In James Baldwin’s Fifty Famous Stories Retold your student will read well-told versions of fifty of the great stories that everyone needs to know. Stories include classics such as
- Androcles and the Lion,
- Bruce and the Spider,
- The Sword of Damocles,
- King Canute and the Sea,
- The Story of William Tell,
- Horatius at the Bridge,
- Whittington and his Cat,
- How Napoleon Crossed the Alps,
- and many more.
Baldwin begins by explaining what type of stories are included and why:
There are numerous time-honored stories which have become so incorporated into the literature and thought of our race that a knowledge of them is an indispensable part of one’s education. These stories are of several different classes. To one class belong the popular fairy tales which have delighted untold generations of children, and will continue to delight them to the end of time. To another class belong the limited number of fables that have come down to us through many channels from hoar antiquity. To a third belong the charming stories of olden times that are derived from the literatures of ancient peoples, such as the Greeks and the Hebrews. A fourth class includes the half-legendary tales of a distinctly later origin, which have for their subjects certain romantic episodes in the lives of well-known heroes and famous men, or in the history of a people.
It is to this last class that most of the fifty stories contained in the present volume belong. As a matter of course, some of these stories are better known, and therefore more famous, than others. Some have a slight historical value; some are useful as giving point to certain great moral truths; others are products solely of the fancy, and are intended only to amuse. Some are derived from very ancient sources, and are current in the literature of many lands; some have come to us through the ballads and folk tales of the English people; a few are of quite recent origin; nearly all are the subjects of frequent allusions in poetry and prose and in the conversation of educated people. Care has been taken to exclude everything that is not strictly within the limits of probability; hence there is here no trespassing upon the domain of the fairy tale, the fable, or the myth.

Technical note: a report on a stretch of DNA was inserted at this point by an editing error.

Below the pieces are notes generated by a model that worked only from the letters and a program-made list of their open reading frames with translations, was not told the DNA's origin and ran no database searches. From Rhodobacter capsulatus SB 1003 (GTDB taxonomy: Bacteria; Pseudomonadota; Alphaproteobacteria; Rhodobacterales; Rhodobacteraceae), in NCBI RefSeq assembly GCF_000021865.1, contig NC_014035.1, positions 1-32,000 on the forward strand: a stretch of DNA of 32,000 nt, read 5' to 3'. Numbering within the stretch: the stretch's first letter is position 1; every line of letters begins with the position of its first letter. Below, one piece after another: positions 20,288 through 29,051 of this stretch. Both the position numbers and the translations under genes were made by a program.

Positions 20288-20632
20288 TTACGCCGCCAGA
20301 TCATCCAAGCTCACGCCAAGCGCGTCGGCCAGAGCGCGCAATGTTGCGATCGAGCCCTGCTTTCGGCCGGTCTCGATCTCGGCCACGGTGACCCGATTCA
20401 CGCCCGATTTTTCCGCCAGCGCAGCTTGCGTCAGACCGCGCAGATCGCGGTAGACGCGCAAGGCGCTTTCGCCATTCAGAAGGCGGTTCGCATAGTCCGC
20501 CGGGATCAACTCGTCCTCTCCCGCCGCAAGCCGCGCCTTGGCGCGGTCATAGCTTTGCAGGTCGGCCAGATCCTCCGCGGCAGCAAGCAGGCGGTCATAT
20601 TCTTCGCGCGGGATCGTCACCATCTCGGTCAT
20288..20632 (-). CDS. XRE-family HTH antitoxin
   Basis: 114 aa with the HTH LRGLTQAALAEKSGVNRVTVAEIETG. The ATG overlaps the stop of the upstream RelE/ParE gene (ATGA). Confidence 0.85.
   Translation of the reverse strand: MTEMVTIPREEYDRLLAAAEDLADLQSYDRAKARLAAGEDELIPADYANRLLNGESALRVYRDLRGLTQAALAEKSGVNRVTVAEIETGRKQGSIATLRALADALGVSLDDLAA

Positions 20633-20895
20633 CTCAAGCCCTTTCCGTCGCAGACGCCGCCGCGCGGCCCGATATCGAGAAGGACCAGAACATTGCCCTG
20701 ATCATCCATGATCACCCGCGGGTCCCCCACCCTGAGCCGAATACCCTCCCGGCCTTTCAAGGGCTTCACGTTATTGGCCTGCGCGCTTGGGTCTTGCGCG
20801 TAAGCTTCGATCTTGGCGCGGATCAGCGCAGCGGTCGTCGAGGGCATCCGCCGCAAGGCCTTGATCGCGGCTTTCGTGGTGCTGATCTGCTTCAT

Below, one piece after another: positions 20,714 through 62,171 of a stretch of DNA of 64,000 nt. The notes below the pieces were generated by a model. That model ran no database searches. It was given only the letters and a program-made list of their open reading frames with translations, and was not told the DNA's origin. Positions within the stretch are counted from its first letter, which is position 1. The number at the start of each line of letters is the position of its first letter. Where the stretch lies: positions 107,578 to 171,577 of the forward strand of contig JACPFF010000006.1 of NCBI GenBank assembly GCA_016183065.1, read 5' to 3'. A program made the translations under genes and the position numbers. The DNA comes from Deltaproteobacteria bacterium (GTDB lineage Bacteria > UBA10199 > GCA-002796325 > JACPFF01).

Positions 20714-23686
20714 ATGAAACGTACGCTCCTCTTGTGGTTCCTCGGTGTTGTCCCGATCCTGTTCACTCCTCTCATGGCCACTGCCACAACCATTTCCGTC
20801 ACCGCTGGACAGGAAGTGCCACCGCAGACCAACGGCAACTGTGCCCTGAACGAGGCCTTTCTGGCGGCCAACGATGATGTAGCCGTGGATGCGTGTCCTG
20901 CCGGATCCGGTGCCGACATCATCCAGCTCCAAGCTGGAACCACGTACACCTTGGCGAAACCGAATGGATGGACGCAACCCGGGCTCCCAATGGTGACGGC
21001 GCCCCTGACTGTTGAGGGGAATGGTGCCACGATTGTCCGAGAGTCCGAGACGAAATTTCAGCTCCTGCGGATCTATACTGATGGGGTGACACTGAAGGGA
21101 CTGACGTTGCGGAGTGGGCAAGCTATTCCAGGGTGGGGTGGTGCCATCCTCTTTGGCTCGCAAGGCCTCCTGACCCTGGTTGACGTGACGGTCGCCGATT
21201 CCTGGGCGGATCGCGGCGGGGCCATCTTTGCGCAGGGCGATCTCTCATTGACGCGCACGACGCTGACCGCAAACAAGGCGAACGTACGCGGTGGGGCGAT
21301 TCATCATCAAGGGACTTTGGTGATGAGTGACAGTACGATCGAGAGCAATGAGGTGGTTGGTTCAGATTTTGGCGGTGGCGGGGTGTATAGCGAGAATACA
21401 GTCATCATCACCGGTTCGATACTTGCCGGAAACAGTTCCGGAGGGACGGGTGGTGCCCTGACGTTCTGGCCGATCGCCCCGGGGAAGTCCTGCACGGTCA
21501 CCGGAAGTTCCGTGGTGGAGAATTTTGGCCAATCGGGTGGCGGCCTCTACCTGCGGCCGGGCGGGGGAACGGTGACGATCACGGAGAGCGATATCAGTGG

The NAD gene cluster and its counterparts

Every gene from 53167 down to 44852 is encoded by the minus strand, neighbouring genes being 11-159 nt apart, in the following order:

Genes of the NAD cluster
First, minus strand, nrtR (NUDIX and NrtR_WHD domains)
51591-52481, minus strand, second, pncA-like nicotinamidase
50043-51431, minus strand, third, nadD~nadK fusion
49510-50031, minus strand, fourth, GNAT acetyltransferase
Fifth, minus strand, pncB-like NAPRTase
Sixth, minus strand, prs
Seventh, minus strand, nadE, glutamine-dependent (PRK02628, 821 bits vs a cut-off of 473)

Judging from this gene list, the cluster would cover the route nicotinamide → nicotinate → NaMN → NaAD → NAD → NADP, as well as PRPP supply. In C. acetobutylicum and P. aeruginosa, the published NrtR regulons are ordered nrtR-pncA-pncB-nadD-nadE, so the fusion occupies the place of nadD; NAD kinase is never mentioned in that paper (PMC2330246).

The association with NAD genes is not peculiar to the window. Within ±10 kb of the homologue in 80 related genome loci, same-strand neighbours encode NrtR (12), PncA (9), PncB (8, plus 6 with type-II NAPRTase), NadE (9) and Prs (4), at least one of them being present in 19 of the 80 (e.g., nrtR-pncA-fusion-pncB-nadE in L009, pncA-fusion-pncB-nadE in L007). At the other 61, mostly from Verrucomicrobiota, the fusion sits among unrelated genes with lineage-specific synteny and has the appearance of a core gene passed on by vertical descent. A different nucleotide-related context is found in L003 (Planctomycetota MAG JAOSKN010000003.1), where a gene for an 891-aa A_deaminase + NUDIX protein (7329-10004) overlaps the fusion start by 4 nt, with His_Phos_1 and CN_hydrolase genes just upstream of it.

That children naturally take a deep interest in such stories, no person can deny; that the reading of them will not only give pleasure, but will help to lay the foundation for broader literary studies, can scarcely be doubted. It is believed, therefore, that the present collection will be found to possess an educative value which will commend it as a supplementary reader in the middle primary grades at school. It is also hoped that the book will prove so attractive that it will be in demand out of school as well as in.
This beautiful Australian edition of Fifty Famous Stories includes:
- All fifty stories, carefully arranged to match the reading order assigned at AmblesideOnline.org (year 1)
- All original illustrations, correctly placed
- Large font for easy reading
- Long names and words spaced phonetically for emerging readers
James Baldwin (1841-1925) was an American educator and administrator, beginning at the age of 24. After serving as a superintendent of schools for 18 years, he became a widely published textbook editor and children’s author on biography, legends, mythology, and literature.